From Isadora. Amelia Gray. Guernica (May 15, 2017).
When Max Merz was a boy, he wanted nothing more than to grow up to become an intellectual. He was ten years old when he first had this idea, studying English under the casual tutelage of an American student who found in Max an eager pupil and extra income every other weekend at the Merz family grocery. To teach the boy clauses and tense shifts, the student loaned him a copybook featuring the writing of Benjamin Franklin. The words were designed to be traced, to hone penmanship rather than theory, but Max found utility in both. And so his very first experience with philosophy came to him in a new language. Florid and lush, Franklin’s paragraphs bloomed in his own hand, the central tenets half obscured by his own understanding but slowly revealing themselves, the curtain drawing aside.
"Amelia Gray." Rachel Sugar, Kirkus Reviews (May 25, 2017).
But the counterintuitive challenge of historical fiction, she soon discovered, is to avoid getting bogged down in the details of history. The more Gray read about Duncan, the more invested she became in the realities of Duncan’s life, which wasn’t what she’d been after at all. “I really didn’t want it to end up being a barely fictionalized portrayal of something that really happened…some broad stabs at how it would have really felt.” And while that could also be interesting, she reflects, that’s just not her thing. “You can’t make the big leaps stylistically that you could if you’re stepping away from the truth a little more.”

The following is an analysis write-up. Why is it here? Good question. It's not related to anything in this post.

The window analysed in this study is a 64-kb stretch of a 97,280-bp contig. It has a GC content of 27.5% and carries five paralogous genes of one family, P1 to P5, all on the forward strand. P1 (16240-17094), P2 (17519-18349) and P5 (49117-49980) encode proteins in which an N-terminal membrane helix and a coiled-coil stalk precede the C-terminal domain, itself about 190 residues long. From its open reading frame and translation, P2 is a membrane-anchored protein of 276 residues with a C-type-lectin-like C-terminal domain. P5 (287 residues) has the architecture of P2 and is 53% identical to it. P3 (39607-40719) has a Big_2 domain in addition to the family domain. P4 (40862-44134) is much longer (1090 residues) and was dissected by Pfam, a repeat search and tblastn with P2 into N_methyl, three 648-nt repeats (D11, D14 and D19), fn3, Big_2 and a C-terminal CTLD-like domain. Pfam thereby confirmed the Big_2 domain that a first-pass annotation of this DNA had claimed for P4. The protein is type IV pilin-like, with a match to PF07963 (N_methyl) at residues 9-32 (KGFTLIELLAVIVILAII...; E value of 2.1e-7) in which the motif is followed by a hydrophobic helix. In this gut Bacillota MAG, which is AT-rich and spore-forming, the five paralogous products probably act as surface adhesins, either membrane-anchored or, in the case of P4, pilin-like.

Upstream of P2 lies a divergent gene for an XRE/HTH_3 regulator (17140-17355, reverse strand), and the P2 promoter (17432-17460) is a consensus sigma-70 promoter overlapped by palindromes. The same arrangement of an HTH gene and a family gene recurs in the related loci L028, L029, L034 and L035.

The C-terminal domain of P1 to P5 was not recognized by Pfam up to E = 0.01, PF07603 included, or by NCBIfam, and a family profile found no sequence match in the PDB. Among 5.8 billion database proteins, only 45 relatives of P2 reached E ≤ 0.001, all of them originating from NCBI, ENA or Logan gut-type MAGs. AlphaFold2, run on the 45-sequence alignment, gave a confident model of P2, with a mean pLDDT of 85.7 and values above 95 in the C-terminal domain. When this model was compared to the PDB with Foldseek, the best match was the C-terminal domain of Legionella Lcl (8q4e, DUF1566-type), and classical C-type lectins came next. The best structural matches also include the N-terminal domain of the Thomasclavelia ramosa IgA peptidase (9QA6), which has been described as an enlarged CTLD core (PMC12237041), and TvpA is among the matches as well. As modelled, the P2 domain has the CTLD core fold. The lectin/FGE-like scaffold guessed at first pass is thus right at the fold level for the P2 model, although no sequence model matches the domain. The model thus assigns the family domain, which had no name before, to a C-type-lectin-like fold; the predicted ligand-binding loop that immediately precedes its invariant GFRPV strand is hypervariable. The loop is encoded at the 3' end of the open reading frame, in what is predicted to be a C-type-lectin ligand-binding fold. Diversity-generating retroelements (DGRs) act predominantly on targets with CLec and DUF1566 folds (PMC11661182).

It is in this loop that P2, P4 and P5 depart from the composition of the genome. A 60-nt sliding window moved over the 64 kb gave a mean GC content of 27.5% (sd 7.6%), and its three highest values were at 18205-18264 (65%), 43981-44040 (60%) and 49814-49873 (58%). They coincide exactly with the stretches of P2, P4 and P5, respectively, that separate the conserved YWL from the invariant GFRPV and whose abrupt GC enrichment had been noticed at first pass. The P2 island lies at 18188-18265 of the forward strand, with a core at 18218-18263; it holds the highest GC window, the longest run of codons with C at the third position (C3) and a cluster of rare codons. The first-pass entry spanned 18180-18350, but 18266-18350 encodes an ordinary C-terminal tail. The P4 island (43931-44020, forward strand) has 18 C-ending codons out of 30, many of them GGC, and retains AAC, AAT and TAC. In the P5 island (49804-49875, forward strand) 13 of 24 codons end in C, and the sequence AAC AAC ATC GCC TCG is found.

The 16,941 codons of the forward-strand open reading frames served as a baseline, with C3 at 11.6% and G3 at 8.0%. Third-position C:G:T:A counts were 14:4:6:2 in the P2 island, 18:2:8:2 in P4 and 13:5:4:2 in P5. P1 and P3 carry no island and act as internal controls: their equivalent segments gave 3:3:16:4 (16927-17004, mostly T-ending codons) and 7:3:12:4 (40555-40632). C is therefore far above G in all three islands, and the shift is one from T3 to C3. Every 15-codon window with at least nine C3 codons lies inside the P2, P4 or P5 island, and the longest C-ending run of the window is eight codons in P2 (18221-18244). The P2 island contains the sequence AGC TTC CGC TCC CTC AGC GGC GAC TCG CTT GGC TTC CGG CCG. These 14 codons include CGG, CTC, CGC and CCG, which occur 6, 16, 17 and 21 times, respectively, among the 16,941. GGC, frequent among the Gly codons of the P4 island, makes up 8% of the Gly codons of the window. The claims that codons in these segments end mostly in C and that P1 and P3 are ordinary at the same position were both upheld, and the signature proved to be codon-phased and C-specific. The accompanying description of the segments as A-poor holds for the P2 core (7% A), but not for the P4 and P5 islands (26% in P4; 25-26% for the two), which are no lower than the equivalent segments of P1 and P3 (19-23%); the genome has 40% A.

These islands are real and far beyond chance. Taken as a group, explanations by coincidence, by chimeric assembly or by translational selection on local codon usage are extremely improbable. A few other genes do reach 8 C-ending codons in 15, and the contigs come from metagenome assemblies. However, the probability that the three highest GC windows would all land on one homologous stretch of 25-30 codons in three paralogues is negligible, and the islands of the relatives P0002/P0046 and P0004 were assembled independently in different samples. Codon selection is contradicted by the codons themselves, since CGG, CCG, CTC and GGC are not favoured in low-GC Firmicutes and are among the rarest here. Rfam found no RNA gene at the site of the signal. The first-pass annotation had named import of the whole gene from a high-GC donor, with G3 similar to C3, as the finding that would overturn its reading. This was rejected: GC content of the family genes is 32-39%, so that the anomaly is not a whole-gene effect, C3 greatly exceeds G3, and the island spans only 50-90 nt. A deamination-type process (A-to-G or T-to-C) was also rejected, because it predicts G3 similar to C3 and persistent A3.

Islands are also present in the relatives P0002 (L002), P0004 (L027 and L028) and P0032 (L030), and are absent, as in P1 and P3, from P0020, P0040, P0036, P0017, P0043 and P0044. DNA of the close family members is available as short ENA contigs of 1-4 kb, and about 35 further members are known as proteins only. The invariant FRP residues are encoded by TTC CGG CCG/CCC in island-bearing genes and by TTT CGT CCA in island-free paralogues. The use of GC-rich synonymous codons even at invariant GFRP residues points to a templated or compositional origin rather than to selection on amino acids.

"The Dance of Grief: On Amelia Gray's 'Isadora'." Gayle Brandeis, Los Angeles Review of Books (May 24, 2017).
It turns out this novel is less about Isadora as the mother of modern dance and more about Isadora as a grieving mother. The novel takes place just after her two children drown in a car with their nanny and chauffeur in 1913. It is told from four perspectives: Isadora; her lover and father of her late son, Paris Singer (heir to the sewing machine fortune); her sister, Elizabeth, who runs a school based on Isadora’s methods in Germany; and her sister’s lover, the insufferable Max. All of them can be quite insufferable. In fact, I hadn’t realized Isadora was such a selfish jerk when I threw so much energy into worshipping her, but Gray makes them and their suffering tremendously compelling and allows each of them moments of great sympathy.
"Amelia Gray's 'Isadora' is a heavenly celebration of women in charge of their bodies." Ellie Robins, the Los Angeles Times (May 18, 2017)
Isadora” begins with an ending — these true drowning deaths — and plays out as a moment of poise, the feeling of being tipped forward on your toes for almost 400 pages as Isadora teeters on the brink of her sanity and the world teeters on the brink of World War 1. In both the world at large and the world of Isadora Duncan, this was a tense, dense, fertile period, humming with notions about strength, the female body, sovereignty, genius, power, invention and belief. This is a novel about all these things, and also a great novel of character: the story of a real woman’s real grief and survival.
"Labyrinth." Amelia Gray, the New Yorker (February 16, 2015)
Dale had been doing a lot of reading on Hellenic myth, so when he said he had a surprise for us at his Pumpkin Jamboree we knew he wasn’t screwing around.
"A Couple Threats." Amelia Gray, VICE (November 17, 2011).
He knew Franny had been behind the house. She wore a scarf colored red like the berries that grew back there. Her feet were bare and her ankles were slick with fluid. “Something has happened,” Franny said.